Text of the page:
Date of Award


Degree Type


Degree Name


Degree Program

Counselor Education


Counselor Education

Major Professor

Belser, Christopher; Watson, Zarus E. P.

Second Advisor

Jeffers, Elizabeth

Third Advisor

Williams, June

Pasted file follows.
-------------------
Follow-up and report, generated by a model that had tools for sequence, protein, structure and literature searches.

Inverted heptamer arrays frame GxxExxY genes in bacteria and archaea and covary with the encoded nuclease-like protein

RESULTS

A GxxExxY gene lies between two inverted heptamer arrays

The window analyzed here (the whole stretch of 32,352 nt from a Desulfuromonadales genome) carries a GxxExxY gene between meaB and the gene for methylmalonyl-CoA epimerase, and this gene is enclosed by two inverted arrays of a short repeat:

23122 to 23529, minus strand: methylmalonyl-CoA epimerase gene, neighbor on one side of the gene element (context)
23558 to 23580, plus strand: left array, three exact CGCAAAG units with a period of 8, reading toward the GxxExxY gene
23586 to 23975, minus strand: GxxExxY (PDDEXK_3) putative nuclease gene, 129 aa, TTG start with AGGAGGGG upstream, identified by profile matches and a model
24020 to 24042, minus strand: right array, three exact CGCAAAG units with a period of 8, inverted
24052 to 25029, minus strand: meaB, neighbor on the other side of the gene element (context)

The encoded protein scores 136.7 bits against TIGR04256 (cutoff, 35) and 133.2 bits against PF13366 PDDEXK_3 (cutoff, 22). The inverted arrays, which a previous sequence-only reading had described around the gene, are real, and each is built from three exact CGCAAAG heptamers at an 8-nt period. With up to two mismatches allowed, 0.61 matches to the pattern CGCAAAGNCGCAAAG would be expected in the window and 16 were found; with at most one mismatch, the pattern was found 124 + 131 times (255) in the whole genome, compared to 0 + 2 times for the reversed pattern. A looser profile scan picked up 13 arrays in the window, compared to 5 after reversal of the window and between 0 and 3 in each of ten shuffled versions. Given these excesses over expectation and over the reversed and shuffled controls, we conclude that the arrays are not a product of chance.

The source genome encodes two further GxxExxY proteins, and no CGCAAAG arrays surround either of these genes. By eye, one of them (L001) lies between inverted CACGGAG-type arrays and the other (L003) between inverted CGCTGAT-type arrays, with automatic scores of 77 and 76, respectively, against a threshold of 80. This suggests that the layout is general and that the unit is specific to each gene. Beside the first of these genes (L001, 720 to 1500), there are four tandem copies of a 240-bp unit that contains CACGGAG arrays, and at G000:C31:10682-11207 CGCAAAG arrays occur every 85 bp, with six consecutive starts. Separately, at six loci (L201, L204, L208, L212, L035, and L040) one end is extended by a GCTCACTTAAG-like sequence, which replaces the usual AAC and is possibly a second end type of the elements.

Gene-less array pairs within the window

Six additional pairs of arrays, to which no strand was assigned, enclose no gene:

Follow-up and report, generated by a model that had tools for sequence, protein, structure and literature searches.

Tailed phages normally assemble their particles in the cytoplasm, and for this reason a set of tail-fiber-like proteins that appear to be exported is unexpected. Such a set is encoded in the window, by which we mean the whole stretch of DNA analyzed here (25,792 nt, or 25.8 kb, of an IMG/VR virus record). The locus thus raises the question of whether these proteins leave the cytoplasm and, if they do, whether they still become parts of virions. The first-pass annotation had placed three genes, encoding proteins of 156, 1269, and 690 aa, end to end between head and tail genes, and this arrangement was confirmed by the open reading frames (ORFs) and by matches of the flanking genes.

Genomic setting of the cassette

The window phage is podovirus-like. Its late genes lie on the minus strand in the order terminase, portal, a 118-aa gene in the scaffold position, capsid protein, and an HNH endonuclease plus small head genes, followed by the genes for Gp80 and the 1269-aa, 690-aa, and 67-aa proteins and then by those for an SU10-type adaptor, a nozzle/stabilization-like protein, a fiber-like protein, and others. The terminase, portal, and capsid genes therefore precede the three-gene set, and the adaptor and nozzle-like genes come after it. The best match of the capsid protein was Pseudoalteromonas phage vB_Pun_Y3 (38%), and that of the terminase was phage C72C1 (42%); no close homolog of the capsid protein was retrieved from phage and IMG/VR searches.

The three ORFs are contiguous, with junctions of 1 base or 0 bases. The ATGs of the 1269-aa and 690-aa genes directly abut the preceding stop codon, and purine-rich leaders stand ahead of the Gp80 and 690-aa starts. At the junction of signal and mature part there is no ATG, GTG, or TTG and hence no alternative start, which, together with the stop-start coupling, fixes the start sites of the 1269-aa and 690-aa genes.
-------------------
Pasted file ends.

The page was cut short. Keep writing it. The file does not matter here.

Perinatal loss (i.e., miscarriage, stillbirth, termination, and infant death) is commonly referred to in the literature as an invisible loss, non-loss, and even medical event. It is an ambiguous loss exhibiting the dialectical contradiction between the physical absence and psychological presence of the baby accompanied by disenfranchised grief, a reaction to a loss that is unacknowledged by society. Despite the likelihood of mental health clinicians working with clients who have experienced perinatal loss, there has yet to be a therapeutic model designed specifically for the unique grief and trauma reactions presented in this population. Existing grief models do not address the traumatic nature of the loss, and oppositely, trauma models do not address the life-long grief symptoms experienced subsequent to perinatal loss. Lack of clinical trainings and cultural norming processes that do not acknowledge the significance of the loss leave clinicians without resources, tools, and interventions to effectively work with this population. Thus, the purpose of the study is to co-construct a therapeutic model to utilize when working with perinatal loss clients. Exploring therapeutic approaches employed by mental health clinicians, the proposed grounded theory study will collect three forms of data: (a) intensive interviews, (b) elicited documents (i.e., case studies), and (c) extant documents (i.e., perinatal loss specialty training agendas). The qualitative study will include 8-12 participants certified in perinatal mental health (PMH-C) to ensure participants’ clinical experience in working with the perinatal loss population for at least two years. Additionally, the proposed study will investigate the following three elements informing therapeutic approaches applied to this population: (a) cultural perceptions of perinatal loss; (b) how the cultural perceptions impact the therapeutic relationship regarding establishing goals, measuring client change, and determining effectiveness; and (c) identification of barriers within the therapeutic process. The findings of the study will be significant to not only mental health clinicians working with perinatal loss clients and the existing perinatal loss research, but they will also illuminate the nature of the therapeutic process for this population to decrease ambiguity surrounding the loss and enfranchise the griever.


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